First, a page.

Connect with an international community of feminist scholars and activists to receive feedback on a work-in-progress project (e.g., article, syllabus, proposal, grant, artistic piece). All workshop activities are virtual and free ! Deadline for registration Friday, April 21 2017.
Are you looking for feedback on a feminist project or need motivation to start one ? If so, register now for the Feminist Scholars Digital Workshop ! The workshop is sponsored by the Humanities, Arts, Science, and Technology Alliance and Collaboratory (HASTAC) and James Madison University’s School of Writing, Rhetoric and Technical Communication.
The workshop offers participants the opportunity to connect with an international community of feminist scholars and activists and to receive feedback on a work-in-progress project (e.g., article, syllabus, proposal, grant, artistic piece). All workshop activities are virtual (and free !), so you don’t have to worry about registration or travel expenses. This year’s workshop takes place June 12-18.
In addition to workshopping opportunities, FSDW is proud to host two keynote speakers, Dr. Erin Frost and Ms. Jenny Ungbha Korn. Each speaker will offer an interactive, virtual workshop on current issues regarding feminist research and activism.
For more information, and to register, check out the FSDW event page : https://www.hastac.org/opportunities/2017-feminist-scholars-digital-workshop
What is the Feminist Scholars Digital Workshop & How Does it Work ?
Founded in 2013, the Feminist Scholars Digital Workshop (FSDW) is a biennial, online, interdisciplinary workshop for individuals working on feminist-oriented research projects. The workshop is sponsored by HASTAC and James Madison University’s School of Writing, Rhetoric and Technical Communication.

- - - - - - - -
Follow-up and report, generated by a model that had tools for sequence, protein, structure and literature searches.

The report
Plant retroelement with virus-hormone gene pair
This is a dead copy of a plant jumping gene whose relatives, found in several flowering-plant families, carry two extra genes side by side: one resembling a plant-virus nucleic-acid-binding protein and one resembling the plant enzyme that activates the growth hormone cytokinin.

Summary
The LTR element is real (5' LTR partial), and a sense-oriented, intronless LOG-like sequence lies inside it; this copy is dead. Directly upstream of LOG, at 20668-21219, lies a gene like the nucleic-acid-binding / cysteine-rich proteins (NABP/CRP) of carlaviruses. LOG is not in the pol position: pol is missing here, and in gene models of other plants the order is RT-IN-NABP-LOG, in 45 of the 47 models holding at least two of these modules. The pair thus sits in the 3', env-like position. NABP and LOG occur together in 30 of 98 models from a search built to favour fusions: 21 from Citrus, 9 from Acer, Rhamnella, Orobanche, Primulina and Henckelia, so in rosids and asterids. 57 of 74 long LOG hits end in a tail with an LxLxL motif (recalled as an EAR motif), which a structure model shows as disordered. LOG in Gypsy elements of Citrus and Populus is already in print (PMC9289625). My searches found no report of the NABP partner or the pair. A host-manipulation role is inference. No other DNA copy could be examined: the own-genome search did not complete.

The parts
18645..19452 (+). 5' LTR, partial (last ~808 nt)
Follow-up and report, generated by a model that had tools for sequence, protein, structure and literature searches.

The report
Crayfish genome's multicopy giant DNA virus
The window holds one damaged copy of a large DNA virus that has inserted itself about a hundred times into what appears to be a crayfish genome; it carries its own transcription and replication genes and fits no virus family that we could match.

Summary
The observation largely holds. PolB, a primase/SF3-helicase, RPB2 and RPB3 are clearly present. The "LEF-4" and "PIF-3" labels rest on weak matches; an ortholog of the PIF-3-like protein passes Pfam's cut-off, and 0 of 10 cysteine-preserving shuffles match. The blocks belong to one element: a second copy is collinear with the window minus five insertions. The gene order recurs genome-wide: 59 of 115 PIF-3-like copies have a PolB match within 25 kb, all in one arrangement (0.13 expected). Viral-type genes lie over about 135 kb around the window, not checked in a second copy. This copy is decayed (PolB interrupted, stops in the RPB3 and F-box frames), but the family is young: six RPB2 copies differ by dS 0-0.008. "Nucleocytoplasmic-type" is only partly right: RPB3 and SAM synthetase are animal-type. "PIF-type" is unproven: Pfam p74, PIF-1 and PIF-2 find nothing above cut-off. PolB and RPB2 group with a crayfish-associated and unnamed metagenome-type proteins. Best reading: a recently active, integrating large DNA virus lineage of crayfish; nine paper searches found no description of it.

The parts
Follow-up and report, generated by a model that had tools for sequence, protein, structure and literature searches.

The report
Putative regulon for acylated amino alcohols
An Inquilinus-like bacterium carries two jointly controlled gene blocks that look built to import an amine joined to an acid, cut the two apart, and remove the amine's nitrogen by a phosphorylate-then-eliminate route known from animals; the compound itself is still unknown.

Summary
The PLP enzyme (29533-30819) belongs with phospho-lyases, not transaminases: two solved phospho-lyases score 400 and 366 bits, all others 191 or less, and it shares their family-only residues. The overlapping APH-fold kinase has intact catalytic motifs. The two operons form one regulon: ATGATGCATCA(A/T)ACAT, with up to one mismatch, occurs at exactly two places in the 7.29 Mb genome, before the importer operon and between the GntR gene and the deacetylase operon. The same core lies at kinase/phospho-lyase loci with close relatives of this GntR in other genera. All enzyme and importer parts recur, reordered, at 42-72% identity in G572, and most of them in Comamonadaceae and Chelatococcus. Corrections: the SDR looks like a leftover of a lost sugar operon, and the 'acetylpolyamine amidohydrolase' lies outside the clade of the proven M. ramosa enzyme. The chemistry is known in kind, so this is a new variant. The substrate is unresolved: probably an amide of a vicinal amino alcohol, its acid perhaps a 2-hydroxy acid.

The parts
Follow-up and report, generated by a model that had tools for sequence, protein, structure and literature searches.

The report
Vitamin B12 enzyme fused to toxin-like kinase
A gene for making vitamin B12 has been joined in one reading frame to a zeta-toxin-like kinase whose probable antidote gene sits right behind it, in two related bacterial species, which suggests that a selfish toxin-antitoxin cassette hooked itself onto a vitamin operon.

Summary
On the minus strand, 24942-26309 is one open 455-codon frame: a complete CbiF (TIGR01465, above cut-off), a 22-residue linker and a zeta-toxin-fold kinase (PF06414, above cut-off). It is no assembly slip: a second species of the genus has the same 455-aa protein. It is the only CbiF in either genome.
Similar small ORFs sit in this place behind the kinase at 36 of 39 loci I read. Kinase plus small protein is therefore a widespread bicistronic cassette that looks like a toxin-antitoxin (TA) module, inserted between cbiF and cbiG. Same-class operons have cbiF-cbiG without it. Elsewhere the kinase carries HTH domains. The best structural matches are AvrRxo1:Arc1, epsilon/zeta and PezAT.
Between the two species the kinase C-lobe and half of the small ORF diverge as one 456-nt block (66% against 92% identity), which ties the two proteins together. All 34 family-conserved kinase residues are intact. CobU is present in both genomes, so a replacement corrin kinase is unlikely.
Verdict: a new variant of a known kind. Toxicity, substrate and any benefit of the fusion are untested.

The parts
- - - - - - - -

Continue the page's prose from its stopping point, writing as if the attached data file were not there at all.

Throughout the workshop, participants create and set in motion their own agendas. There is no program for the workshop and there are no presentations. Participants collaborate in small groups to exchange research projects (e.g., articles, webtexts, syllabi, proposals) for feedback and peer review. Small groups are designed to be interdisciplinary and to encourage feminist mentorship by bringing together scholars with varying levels of experience and expertise.
To accommodate diverse schedules and time zones, all peer review activities take place asynchronously, with the exception of keynote talks and online meetings that individual peer review groups elect to set up.
The workshop is designed to :
Encourage intra- and interdisciplinary research and collaboration
Discuss feminist research strategies, methodologies/methods, feminist pedagogy
Promote collaborative learning and professional development
Foster feminist mentorship across disciplines and professional orientations
Create a supportive space for feminist scholars to interact and network
Represented 166 participants from over 25 states and 10 countries
Hosted keynote speaker Amanda Strauss, research librarian at Harvard’s Schlesinger Library on the History of Women in America
Coordinated workshop activities with 9 volunteers from various institutional, organizational, and disciplinary backgrounds
Survey results show that over 75% of participants used their workshop experience to publish a refereed project, present at a conference, complete a thesis or dissertation, revise pedagogical materials, and/or complete a multimedia project
How Much Does it Cost & Who Should Attend ?
The workshop is free and open to anyone interested in feminist research, whether they are students, professors, para-academics, or non-academics.
When & Where Does it Take Place ?